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Workers’ rights in Georgia

By Messenger Staff
Wednesday, May 4
Last week an International Workers' Day was marked. For the occasion, Georgia’s Public Defender Ucha Nanuashvili released a special statement where he drew attention to the major problems in terms of realization and protection of employees' rights in the country, which need to be timely addressed.

Gaps in labor legislation were also discussed in the Public Defender's report of 2015.

In particular, the Labour Code does not define the maximum quantity of daily working hours or the quantity of working days per week; there is no set maximum allowable limit of overtime working hours; the list of spheres that require a specific weekly working time of 48 hour, is very wide; labour legislation does not define the minimum remuneration for labor; the Labor Code of Georgia does not provide for the full list of grounds for dismissal of employees that leaves a wide field of assessment for the employer, while it is not predictable and clear for the employee as to what may become a basis for the termination of labor relations, etc.

“The situation in terms of labor security is worrying in the country. According to information provided by the Ministry of Internal Affairs, 82 people were injured and 42 killed in the workplace in 2015. Investigations were launched into 108 criminal cases, out of which 42 investigations were ultimately suspended. Criminal prosecution was initiated only in 16 cases, out of which 10 cases went to court,” the Ombudsman said, and concluded that the data shows that the response to similar criminal cases is not an effective mechanism for the protection of the workers' rights.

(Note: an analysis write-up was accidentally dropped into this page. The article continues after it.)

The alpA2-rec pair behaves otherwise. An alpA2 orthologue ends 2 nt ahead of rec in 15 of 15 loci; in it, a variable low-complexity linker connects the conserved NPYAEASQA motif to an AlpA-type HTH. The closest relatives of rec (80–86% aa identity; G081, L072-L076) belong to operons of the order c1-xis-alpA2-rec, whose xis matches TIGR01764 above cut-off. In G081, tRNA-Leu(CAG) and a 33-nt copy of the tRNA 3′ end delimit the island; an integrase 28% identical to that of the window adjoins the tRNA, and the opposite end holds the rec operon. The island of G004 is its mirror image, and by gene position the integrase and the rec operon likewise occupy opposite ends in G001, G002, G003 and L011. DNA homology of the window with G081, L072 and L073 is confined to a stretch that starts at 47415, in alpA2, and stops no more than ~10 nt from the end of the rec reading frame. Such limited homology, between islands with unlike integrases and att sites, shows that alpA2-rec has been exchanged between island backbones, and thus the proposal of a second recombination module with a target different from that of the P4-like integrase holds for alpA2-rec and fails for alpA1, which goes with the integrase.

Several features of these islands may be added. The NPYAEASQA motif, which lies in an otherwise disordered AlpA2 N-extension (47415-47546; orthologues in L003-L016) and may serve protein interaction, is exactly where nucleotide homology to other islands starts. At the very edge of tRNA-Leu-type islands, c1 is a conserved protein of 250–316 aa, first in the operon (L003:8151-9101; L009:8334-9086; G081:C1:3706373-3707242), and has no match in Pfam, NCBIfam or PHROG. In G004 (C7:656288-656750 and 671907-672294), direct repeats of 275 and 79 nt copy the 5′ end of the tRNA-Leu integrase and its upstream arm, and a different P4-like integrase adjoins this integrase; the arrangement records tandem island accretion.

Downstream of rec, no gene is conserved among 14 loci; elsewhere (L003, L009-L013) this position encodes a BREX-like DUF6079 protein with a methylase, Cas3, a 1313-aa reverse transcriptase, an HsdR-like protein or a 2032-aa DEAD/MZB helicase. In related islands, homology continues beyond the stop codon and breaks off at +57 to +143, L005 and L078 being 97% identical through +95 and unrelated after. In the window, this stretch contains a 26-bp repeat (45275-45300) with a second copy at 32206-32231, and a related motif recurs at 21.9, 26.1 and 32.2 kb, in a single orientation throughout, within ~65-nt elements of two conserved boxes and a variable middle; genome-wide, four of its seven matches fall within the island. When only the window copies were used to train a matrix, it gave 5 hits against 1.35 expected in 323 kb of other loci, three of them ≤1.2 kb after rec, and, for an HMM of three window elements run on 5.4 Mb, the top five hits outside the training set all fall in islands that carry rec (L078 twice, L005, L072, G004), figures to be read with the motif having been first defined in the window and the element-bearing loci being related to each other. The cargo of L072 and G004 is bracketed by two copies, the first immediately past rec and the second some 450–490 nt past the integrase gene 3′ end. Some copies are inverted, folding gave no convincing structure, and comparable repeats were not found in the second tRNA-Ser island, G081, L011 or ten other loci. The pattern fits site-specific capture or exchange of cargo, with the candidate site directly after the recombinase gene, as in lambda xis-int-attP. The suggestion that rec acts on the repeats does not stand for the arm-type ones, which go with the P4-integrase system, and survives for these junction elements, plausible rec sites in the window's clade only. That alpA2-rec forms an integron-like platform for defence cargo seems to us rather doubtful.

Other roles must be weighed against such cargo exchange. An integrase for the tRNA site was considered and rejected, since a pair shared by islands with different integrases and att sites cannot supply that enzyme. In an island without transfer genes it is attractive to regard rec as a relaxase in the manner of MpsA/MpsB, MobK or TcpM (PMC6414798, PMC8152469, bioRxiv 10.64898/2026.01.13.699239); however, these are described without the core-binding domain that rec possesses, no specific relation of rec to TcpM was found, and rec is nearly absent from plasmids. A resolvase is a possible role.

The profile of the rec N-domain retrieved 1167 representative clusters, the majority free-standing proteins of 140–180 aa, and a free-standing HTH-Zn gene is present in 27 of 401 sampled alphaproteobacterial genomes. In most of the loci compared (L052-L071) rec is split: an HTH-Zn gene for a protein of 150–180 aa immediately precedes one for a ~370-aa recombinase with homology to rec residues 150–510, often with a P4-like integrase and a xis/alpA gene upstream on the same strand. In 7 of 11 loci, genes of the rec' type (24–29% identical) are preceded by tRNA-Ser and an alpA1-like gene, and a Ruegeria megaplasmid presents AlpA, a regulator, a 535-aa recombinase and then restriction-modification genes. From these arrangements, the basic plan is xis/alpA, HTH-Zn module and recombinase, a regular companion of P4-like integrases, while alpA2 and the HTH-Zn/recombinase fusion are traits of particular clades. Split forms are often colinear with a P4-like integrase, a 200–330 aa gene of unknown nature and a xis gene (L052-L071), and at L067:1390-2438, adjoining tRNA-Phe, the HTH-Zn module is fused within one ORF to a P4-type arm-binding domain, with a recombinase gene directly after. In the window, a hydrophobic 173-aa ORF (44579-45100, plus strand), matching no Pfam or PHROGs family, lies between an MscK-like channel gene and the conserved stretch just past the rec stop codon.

Nanuashvili said that the existing situation necessitates the establishment of a labor inspection mechanism for supervising labour conditions and safety, which will be authorized to use sanctions in case of any violations of the law.

“Despite a number of tragic incidents, which in most cases were caused by the violation of safety rules, the state has an inert approach to this issue, which makes it clear that the Government is still not sufficiently aware of the vital importance of labour safety,” Nanuashvili said.

The protection of labor rights is problematic in public service as well. In some cases, contests and certification exams are only of a formal nature and relevant agencies make completely unfounded decisions. In some cases, the dismissal of officials was illegal and unjustified, Nanuashvili added.

Georgia faces serious problems in terms of protecting workers’ rights. This is no active body that will check the qualifications of workers, especially those in construction. This issue directly affects people’s lives.